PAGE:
ask if anyone you have been in contact with is under 18 or lives outside of England

Contact tracers will never:

-ask you to dial a premium rate number to speak to them (for example, those starting 09 or 087)
-ask you to make any form of payment or purchase a product of any kind
-ask for any details about your bank account
-ask for your social media identities or login details, or those of your contacts
-ask you for any passwords or PINs, or ask you to set up any passwords or PINs over the phone
-disclose any of your personal or medical information to your contacts
-provide medical advice on the treatment of any potential coronavirus symptoms
-ask you to download any software to your PC or ask you to hand over control of your PC, smartphone or tablet to anyone else
-ask you to access any website that does not belong to the government or NHS

If you or somebody you know has been caught out by a scam or fraud contact Action Fraud on 0300 123 2040 or visit the Action Fraud website. If you need advice on anything else, please contact the Citizens Advice Consumer Helpline 0344 411 1444

Example of how they do it

One resident has shared a warning claiming that her friend received a scam call on the 3rd June.

The caller, claiming to be an NHS employee, stated that the individual had come into close contact with a person with COVID-19 and had to self-isolate for seven days. The individual was then coerced into giving their address in order to receive a test kit and was asked for their payment details in order to pay a "one off fee" of £500. The so-called scammer then said that there would be penalties for not complying.

It was at this point that the individual then put the phone down and realised that they were being targeted by scammers.

You will only ever be called from the number 0300 013 5000, or you will be texted from “NHS”.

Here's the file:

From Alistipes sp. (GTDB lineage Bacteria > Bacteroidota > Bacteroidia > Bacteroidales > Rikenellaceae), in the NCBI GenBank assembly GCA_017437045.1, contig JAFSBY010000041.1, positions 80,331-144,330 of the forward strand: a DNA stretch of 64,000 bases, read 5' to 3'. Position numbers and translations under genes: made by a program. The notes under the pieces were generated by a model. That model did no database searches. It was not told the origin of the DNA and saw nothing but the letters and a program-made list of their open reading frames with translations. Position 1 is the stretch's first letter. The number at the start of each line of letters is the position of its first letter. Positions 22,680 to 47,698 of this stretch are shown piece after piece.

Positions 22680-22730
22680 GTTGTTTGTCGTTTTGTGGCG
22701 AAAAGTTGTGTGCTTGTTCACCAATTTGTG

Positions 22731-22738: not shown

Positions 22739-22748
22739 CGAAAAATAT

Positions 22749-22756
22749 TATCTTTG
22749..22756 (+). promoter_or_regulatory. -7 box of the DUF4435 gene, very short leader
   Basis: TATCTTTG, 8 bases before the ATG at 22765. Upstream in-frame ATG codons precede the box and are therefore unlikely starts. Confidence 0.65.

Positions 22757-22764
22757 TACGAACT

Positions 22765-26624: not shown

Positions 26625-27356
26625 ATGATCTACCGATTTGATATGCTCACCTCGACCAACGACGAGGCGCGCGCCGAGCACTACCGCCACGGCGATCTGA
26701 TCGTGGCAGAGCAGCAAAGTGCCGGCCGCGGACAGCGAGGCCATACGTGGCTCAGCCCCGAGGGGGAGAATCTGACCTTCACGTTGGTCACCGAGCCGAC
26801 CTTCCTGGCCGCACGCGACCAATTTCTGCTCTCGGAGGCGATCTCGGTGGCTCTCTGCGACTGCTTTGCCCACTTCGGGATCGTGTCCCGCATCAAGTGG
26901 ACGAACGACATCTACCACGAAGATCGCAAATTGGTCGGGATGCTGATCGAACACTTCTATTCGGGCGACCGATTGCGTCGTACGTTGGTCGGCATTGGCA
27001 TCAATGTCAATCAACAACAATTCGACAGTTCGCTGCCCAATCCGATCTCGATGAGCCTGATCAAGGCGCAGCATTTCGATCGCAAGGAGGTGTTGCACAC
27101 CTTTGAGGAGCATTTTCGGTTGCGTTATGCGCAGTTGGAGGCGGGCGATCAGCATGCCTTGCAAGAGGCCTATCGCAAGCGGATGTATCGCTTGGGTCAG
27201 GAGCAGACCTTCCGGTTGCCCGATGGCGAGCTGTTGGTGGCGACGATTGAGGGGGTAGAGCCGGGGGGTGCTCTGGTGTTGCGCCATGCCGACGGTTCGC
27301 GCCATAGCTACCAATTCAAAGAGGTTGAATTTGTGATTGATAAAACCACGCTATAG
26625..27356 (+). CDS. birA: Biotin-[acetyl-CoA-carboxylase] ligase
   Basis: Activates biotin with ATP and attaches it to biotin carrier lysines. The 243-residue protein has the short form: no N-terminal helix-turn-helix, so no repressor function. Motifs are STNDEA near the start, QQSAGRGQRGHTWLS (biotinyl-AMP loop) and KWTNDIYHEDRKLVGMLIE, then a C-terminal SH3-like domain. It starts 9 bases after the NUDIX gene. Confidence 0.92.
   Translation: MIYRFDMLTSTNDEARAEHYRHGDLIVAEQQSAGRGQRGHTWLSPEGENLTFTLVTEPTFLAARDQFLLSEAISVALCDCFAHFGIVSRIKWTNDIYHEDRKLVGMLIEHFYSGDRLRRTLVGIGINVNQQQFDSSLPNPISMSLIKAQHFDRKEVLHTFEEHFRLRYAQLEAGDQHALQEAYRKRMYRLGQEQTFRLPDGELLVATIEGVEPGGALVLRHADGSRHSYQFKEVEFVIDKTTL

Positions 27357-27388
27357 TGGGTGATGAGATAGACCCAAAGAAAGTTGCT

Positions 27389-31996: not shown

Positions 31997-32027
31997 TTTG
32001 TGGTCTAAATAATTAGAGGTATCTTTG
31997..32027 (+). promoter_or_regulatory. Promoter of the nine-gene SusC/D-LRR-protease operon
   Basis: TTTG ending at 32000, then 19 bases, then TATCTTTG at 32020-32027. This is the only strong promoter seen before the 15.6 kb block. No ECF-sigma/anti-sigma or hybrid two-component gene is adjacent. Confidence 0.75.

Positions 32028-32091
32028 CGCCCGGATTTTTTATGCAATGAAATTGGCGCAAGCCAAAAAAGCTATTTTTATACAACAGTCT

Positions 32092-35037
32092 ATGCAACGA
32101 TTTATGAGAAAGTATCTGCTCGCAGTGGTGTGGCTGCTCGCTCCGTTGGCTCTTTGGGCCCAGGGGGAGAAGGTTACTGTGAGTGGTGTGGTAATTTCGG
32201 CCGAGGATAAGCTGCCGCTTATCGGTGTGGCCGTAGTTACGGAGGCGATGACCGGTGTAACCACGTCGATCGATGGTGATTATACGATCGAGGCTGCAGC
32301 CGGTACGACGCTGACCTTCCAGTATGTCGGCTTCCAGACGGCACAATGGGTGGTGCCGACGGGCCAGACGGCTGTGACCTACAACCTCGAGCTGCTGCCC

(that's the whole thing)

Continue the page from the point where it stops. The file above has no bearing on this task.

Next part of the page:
Street Surgery

Community Officers held a street surgery on Saturday August 29th and Sunday 30th at Ferry Lane Snaith between 10 am and 2pm. We along with ward councillors David Bromley, John Stavely-Churton, Liz Sargeantson and Deputy Town Mayor Laura Thompson were talking to residents about Anti- Social Behaviour and what concerns they have in the area.


You will still see us out and about as we continue to do our job and keep our communities safe. As always there are a number of ways you can get in touch with us if you need us.

Stay informed through our social media channels, find us on Twitter, Facebook and Instagram:

Facebook – Humberside Police – East Riding of Yorkshire West

Twitter - Humberside Police – East Riding of Yorkshire West - @Humberbeat_ERYW

For incidents that don’t require an immediate response call our non-emergency 101 line. You can also report non-emergency crimes online via our reporting portal. In an emergency always dial 999.



There has been an increase in rural crime in the Snaith, Airmyn and the Marshlands ward area. Suspect/s have been entering outbuildings using various  methods ranging from cutting jemmy locks, forcing and prising open the door, and entering through unlocked /open doors. Items stolen include tools, scrap metal, quad bike, a trailer and other  vehicles.  Please be extra viglant and report anything suspuiocus to us on 101 the non emergency  number.  We advise you to take photographs of your valuables and to make a note of any serial numbers  for future reference. It is also best practice to make sure your items are secured within the building using a ground anchor if appropiate to do so.






Last Updated 19 Sep 2020